About NOSM Education Research Communities

NOSM Internal Medicine

NOSM's Internal Medicine residency offers comprehensive training combining learning in the larger urban centres with rotations in Northern Ontario.  Based out of both Northeastern and Northwestern Ontario, this hands-on program provides for a unique residency opportunity that will expose you to the most expansive variety in learning opportunities. 


The program includes core rotations in Internal Medicine and subspecialty rotations selected to incorporate a diversity of experience and proficiency in subspecialty areas integral to community based practice but less commonly emphasized in traditional Internal Medicine residency programs.

Based on the resident's personal learning plan, the content, sequence of training and schedule of movement between teaching sites may vary.  Residents are required to provide their own vehicle and it is strongly recommended that residents have a laptop computer.

Core Program Clinical Rotation Outline (blocks are 4 weeks in length):

TB - Thunder Bay
SUD - Sudbury
SSM - Sault Ste. Marie


  • MCTU (TB and SUD) – 4 blocks
  • Cardiology TB and SUD – 1 block
  • Community Cardiology SSM – 1 block
  • ICU (only available in SSM) – 1 block
  • Nephrology – 1 block
  • Emergency Medicine (TB and SUD) – 1 block
  • Subspecialty Selectives – 4 blocks  


  • MCTU – 4 blocks
  • CCU (Ottawa) or ICU (SUD and TB)  - 2 blocks
  • Community GIM – 1 block
  • Subspecialty Selectives – 3 blocks
  • Electives – 3 blocks


  • MCTU – 4 blocks
  • CCU or ICU (whichever not done in PGY-2) – 2 blocks
  • Community GIM – 2 blocks
  • Subspecialty Selectives – 3 blocks
  • Electives – 2 blocks    

ICU in PGY-2 or PGY-3 must be done as a two block rotation 

Community GIM is offered in Huntsville, North Bay, Parry Sound, Sudbury, Thunder Bay and Timmins

Subspecialty Selectives:

Residents are strongly encouraged to do one rotation in each of the following subspecialties in addition to the required rotations listed above. Program approval is required if any specific subspecialty rotations are NOT going to be completed. 

  • Endocrinology TB and SUD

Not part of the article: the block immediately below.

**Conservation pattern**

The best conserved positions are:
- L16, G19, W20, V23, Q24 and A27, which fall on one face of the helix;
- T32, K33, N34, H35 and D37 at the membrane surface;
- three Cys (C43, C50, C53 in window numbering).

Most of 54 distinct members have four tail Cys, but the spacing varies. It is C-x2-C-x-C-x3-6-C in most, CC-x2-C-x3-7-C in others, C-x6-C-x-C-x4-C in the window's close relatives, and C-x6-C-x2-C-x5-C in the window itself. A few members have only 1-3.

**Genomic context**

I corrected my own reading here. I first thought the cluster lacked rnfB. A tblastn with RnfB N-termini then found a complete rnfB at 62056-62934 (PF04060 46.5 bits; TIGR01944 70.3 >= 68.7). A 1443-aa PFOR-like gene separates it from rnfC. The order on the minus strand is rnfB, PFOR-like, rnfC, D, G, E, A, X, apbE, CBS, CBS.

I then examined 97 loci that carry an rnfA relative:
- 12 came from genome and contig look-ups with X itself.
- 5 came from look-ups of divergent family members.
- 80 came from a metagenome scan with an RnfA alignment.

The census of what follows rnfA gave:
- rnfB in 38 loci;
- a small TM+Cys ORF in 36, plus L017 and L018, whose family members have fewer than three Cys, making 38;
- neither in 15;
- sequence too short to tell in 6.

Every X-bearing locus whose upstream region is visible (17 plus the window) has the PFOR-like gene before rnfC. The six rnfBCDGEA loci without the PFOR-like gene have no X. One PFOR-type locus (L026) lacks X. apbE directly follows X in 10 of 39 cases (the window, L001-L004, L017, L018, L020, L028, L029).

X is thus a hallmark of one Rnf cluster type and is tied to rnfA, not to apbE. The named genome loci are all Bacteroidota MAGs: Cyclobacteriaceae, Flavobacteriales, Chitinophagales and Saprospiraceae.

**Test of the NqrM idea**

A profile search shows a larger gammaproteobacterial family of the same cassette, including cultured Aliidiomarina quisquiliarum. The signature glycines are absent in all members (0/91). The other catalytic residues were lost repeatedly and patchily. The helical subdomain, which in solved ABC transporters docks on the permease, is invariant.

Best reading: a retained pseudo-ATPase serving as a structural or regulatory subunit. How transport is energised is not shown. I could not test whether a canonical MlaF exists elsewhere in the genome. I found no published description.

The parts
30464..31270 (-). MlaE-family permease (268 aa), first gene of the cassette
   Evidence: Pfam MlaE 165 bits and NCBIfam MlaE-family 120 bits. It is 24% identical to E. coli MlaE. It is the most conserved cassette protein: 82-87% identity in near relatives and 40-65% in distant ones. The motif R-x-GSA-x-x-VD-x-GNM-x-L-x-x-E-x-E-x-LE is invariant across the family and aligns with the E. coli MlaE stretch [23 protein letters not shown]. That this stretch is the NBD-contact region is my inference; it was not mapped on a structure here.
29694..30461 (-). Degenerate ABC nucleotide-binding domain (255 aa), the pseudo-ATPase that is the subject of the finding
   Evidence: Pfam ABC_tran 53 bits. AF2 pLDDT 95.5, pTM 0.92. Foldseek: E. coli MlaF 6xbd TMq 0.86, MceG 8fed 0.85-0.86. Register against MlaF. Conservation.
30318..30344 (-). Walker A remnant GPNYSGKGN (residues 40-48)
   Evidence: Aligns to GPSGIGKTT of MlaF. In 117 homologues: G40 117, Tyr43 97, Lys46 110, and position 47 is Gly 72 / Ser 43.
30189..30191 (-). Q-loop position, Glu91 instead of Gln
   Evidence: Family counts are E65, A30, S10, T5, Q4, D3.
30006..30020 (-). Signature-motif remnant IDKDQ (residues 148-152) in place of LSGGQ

• Gastroenterology TB and SUD
  • Geriatrics TB and SUD
  • Hematology SSM and TB
  • Infectious Disease SUD and TB
  • Medical Oncology SSM and TB and SUD
  • Nephrology TB and SUD
  • Neurology TB
  • Respirology TB and Ottawa
  • Rheumatology SUD and TB  


  • Electives can be done in any subspecialty at any academic institution. The resident is responsible for arranging these rotations.
  • 1 and in some cases 2 elective blocks can be used for research. There must be a deliverable at the end of each of these blocks.
  • With program approval, up to 2 elective blocks can be converted to do a second rotation in a subspecialty selective. 

Scholarly Activity:

All residents MUST complete a scholarly activity. It may be done longitudinally or during elective research blocks as outlined above.


After completing the three core years of Internal Medicine, residents may choose to continue in a 4th year of NOSM General Internal Medicine.  Previous residents have been successful in either route - completing 4th year NOSM General Internal Medicine, as well as applying to subspecialty fellowships at other institutions.

The fourth year NOSM General Internal Medicine program will be designed to meet the particular interests of applicants.

The fourth year of training in Internal Medicine consists of 13 blocks of four weeks duration. There are five mandatory blocks. Elective rotations should be balanced and tailored to the individual resident’s needs and future practice. Rotations can be set up at centers outside of NOSM, with approval of the program. The final rotation schedule must be approved by the site and/or program director.

Mandatory Rotations:

  • MCTU – 2 blocks as junior attending; Residents are encouraged to do one rotation in Sudbury and one rotation in Thunder Bay
  • Community GIM – 2 blocks; to be done in two different NOSM communities
  • ICU -1; Must be completed in a closed ICU; Suggested that it is completed in a NOSM community

Elective Rotations:

  • Cardiology – strongly recommended to complete one or two blocks 
  • ICU – Strongly recommended to complete a second block
  • Endocrinology
  • Gastroenterology
  • Geriatrics
  • Hematology / Oncology
  • Infectious Disease
  • Nephrology
  • Neurology
  • Respirology
  • Rheumatology
  • Other rotations can be completed with program approval.  

Clinical Responsibilities & On-Call:

The PGY-4 is generally expected to function at the level of a junior consultant not at the level of a senior medical resident.

Call for core rotations should be 1 in 4 to 1 in 5 (5-7 calls per 28 day block)

Rotation Objectives:

Specific rotation objectives are defined for all core and strongly recommended rotations.